Butler Desk 1

On the last day of September, in the middle of one of the most colorful and durable fall seasons, an inquiry email came from Barbra Butler. It turns out that she had a friend who came to the MCC Relief Sale in Goshen a couple weeks earlier, and mentioned seeing some work I had donated to the sale. She took a look at the website my son-in-law Danny made for me, and used the submission form to email me.

We discussed some questions on the phone and arranged for her and her husband Jim to come to the shop and check it out in person. The following Saturday, they took a 2 1/2 hour road trip to my home. We took a house and shop tour, looking at design ideas and construction techniques. It was a pleasant and rewarding conversation heading the same direction toward a desk and work station.

The first step was redrawing a desk that is on my short list of all time favorites, to meet the proportions Barbra was wanting.
The first decision was the wood type and Rift Sawn White Oak was picked, for the most straight grain and least medullary ray figure. These 9-10 footers fit the bill perfectly.
With the design and dimensions in my mind, I began laying out the pieces for the most important parts, the tops. For the 27 x 60 top, one wide board was able to be cut into two 60” halves and flank the middle in a most pleasing arrangement. The trio turned out to be 3/4” too narrow, so I spent considerable time with the other boards for another suitable match. In the end, nothing else struck my fancy, so I went with the eye over the tape measure.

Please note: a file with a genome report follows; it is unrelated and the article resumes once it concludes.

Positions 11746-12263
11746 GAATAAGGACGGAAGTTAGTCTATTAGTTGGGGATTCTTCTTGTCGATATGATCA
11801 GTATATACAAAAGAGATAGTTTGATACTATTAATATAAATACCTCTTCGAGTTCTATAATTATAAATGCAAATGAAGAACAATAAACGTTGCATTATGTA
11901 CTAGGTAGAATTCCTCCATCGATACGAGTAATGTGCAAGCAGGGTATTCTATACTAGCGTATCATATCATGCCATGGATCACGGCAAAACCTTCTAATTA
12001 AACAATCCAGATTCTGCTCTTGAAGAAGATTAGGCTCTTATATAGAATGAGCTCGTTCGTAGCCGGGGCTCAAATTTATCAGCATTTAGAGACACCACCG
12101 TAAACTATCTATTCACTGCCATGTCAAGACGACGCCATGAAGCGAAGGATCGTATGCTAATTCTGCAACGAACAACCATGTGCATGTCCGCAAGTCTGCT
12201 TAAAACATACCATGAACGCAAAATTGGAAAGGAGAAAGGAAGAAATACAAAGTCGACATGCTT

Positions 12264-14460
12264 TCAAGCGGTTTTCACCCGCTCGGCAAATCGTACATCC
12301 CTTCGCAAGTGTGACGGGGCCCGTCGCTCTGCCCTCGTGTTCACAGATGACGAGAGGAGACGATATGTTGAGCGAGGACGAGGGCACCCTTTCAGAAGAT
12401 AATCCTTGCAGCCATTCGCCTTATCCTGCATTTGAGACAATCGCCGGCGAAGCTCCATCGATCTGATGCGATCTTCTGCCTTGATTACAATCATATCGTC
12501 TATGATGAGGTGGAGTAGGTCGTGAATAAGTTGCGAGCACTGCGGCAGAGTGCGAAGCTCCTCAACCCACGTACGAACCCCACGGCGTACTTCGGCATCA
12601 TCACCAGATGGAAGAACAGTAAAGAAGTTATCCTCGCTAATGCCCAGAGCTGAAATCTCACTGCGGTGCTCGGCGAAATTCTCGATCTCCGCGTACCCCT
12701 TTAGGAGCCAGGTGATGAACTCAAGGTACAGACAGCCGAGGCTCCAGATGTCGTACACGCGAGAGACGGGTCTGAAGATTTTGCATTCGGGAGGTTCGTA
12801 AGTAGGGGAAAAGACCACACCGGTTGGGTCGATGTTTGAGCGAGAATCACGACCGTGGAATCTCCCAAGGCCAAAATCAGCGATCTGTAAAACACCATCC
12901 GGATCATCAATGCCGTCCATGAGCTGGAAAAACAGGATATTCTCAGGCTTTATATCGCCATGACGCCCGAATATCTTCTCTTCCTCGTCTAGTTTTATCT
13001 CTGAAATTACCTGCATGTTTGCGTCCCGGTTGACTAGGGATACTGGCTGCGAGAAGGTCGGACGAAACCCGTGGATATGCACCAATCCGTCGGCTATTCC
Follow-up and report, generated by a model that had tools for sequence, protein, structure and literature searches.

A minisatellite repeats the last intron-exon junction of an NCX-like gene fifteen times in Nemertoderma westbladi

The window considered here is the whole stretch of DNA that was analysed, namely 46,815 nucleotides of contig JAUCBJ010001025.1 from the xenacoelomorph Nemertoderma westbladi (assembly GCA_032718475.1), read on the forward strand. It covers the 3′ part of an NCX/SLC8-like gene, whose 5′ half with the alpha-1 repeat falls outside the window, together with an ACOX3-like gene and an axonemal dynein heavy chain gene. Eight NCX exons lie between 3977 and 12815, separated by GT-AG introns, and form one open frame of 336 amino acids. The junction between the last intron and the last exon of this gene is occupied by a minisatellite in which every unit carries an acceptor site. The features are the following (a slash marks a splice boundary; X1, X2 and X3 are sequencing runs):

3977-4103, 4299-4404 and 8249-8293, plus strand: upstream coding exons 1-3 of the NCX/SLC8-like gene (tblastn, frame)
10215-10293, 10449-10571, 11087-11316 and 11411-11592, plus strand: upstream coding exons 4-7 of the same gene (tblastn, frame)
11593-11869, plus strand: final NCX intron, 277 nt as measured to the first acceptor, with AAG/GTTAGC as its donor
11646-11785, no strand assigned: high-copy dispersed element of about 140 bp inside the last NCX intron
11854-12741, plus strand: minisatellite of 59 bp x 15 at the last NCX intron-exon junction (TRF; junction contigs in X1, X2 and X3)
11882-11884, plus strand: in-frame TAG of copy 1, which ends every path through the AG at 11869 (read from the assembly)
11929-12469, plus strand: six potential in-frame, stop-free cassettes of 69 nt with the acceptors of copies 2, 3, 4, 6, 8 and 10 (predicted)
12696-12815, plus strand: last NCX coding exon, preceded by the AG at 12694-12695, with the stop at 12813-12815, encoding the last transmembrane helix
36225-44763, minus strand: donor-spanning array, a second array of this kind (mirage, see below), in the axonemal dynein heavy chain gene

This is the lay out work on the shorter top, 30 x 48. The focus does not do justice to the harmony of arrangement which will show up as the piece comes together. These pieces are set aside to be sanded through a wide belt sander at my favorite wood supply, Nisley’s Sons in Goshen.
Next was leg making. The heavier proportion called for dimensions not possible to find in Riftsawn White Oak, and it was not uncommon for the best of Prairie and Mission Styles to have hollow legs. In the past, I have used a 45 degree locking miter, but I wanted to have part of the middle solid for the best holding of the dowel joints. So I decided for a center fill of soft maple.
After the sides were glued, a groove was routed out, and a cap piece made. This is to give the best grain match all the way around the leg.
The caps were about 3/8” thick, so I used 7/8” support boards on each side. The Jorgensen clamps are 30 years old, and still pulling their weight with amazing strength.
Here is the leg after some basic machining to dimension, with the caps on the sides. The difference between face and edge grain can be easily seen. However, it nearly disappears when the corner is routed with a 3/16” round over. Then the eye relaxes, and the hand is comforted with the sharp edge is gone. Next up, making skirt, cross pieces, slats and slat bases.

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